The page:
Morphological and taxonomic diversity each provide insight into the expansion and contraction of major biological groups, while the nature of the relationship between these two aspects of diversity also has important implications for evolutionary mechanisms. In this paper, I compare morphological and taxonomic diversity within the classes Blastoidea and Trilobita, and within the trilobite clades Libristoma, Asaphina, Proetida, Phacopida, and Scutelluina. Blastoid morphology is quantified with homologous landmarks on the theca, and trilobite form is measured with a Fourier description of the cranidium. Morphological diversity is measured as the total variance among forms in morphological space (proportional to the mean squared distance among forms). Blastoid taxonomic diversity is based on published compilation of stratigraphic ranges of genera. The Zoological Record was used to determine the number of new species of trilobites described since the publication of the Treatise; temporal patterns in species richness are similar to those for generic richness based on the Treatise, suggesting a common underlying signal.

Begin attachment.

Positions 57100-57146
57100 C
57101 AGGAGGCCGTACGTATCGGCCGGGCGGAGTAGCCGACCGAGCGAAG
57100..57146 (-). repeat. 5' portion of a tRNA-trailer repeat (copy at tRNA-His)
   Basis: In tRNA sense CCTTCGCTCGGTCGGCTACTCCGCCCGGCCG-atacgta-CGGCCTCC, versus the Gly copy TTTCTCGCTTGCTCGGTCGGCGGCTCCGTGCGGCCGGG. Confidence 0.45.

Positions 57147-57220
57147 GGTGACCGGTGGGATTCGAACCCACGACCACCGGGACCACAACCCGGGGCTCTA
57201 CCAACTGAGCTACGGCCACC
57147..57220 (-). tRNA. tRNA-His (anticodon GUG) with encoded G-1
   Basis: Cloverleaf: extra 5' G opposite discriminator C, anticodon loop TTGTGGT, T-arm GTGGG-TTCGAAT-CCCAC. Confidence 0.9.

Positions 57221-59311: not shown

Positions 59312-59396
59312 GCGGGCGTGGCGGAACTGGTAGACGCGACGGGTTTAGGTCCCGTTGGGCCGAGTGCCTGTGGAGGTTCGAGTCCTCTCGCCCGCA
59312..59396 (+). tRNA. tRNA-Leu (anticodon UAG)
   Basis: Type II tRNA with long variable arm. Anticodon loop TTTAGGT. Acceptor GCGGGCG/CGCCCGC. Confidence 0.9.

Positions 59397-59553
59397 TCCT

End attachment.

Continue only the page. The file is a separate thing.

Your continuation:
Morphological variety and taxonomic richness often increase together during the initial diversification of a clade. This pattern is consistent with diffusion through morphospace, although some form of adaptive radiation cannot be ruled out. Morphological diversity varies little throughout much of the history of Proetida, a pattern that may suggest major constraints on the magnitude and direction of evolution, and that agrees with the perception of Proetida as a morphologically conservative group. Two major patterns are seen during the decline of clades. In Blastoidea, Trilobita, Libristoma, and Asaphina, morphological diversity is maintained at substantial levels, and in fact continues to increase, even in the face of striking reductions in taxonomic richness. This pattern suggests continued diffusion through morphospace and taxonomic attrition that is effectively non-selective with respect to morphology. In Phacopida, Scutelluina, and to some extent in Proetida, morphological diversity decreases along with taxonomic diversity. This pattern suggests heterogeneities such as elevated extinction and/or reduced origination in certain regions of morphospace. As found previously for the echinoderm subphylum Blastozoa, all studied clades of trilobites except Proetida show maximal morphological diversity in the Mid–Late Ordovician and maximal taxonomic diversity sometime during the Ordovician, suggesting some degree of common control on diversification patterns in these groups.